What are the factors you look at before deciding to invest in a company? Can you give us an example?
The first thing you got to look at is, "I am not buying a stock, but I am buying a business." And you only buy the business if you were willing to buy the entire business if you had money for it. So, for example, if Reliance Industries has a market cap of $100 billion and you had a $300 billion, the question you would ask yourself is, would I buy the entire business for a $100 billion?
The first thing is that you are not buying pieces of paper, but you are buying an entire business. The second is that you ask yourself, do I understand the business? Do I truly understand how it will work, how it makes money, how will it do in the future?
Then the third thing is, if Reliance produces$3 billion a year cash flow and it trades for $100 billion, I have no intention of buying it at 33 times cash flow. It is like I have no interest in putting money in an account that pays 3% interest.
So I love Reliance, maybe, if the fair value of business is 15 times cash flow, which is $45 billion. And since I am cheapskate, I don't want to buy it for more than half its fair value, so I just say to myself, that if it goes below $20 billion in value -- or one-fifth the current price -- then I will look at it again. In fact, that is the way to look at the Indian Sensex. You take all the Reliances, the Wipros and Infosyses of the world, chop their price by four, and that's your entry price.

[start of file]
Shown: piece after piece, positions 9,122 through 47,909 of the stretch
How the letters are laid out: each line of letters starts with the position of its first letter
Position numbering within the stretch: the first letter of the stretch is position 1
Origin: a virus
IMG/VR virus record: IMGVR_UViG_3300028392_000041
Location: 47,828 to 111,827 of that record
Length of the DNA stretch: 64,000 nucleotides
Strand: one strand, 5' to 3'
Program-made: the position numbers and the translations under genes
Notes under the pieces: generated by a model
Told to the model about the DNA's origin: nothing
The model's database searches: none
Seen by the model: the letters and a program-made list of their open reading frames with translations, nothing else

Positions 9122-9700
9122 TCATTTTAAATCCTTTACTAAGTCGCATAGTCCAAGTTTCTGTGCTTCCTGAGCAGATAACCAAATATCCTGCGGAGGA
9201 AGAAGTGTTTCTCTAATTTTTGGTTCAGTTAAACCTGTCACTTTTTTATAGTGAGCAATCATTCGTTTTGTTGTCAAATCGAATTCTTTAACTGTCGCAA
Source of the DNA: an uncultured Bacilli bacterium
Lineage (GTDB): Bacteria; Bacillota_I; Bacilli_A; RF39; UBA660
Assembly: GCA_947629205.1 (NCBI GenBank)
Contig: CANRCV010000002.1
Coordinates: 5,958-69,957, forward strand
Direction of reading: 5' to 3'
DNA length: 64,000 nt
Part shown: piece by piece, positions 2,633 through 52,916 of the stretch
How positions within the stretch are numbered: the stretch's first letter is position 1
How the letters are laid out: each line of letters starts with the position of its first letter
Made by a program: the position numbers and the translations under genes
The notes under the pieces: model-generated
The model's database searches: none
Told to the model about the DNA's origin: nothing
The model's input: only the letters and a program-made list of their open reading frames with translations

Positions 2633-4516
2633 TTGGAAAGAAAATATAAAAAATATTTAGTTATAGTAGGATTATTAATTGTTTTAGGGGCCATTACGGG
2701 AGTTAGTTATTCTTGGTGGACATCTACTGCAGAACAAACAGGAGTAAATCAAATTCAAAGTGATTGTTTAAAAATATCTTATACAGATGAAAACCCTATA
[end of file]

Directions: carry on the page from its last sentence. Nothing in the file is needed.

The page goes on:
What has been your most successful stockpick till date?
You know that's a very funny question. The most successful company I ever invested in is Satyam. I invested in 1995, and I was completely out by 2000. When I invested the stock was at Rs 40, and Satyam's earnings at that time were about at Rs 12 a share, so you were buying a business for three-and-a-half times earnings. And the more interesting thing for me was that property the company had in Hyderabad exceeded the market capitalisation as it was carried at a value that was bought a long time ago.
The only reason I knew about Satyam was because I was in the IT services space. These guys had actually visited us to see if they could do business together. And I had been pretty impressed by the way the business operated and the people I had met.
I looked at it from my investment point of view after was amazed that such a business could trade at such a price. So I invested in Satyam. In 2000, it was trading at Rs 7,000, that is about a 150 times the price I bought it at. This was in the days before demat, and actually when I bought the stock with an account through Kotak that I had in Mumbai, I was given physical delivery of these shares that looked like tattered pieces of paper that were falling apart.
Satyam from less than a PE of 3 to more than PE of 100. I just said I am out of it because now I owned a bubble stock even though I did not buy it at bubble price. I sold my entire position within 5% of the peak. Within six months it had dropped from Rs 7,000 to Rs 1,000, and continued on the sidelines for a while. That was the best deal that I ever made.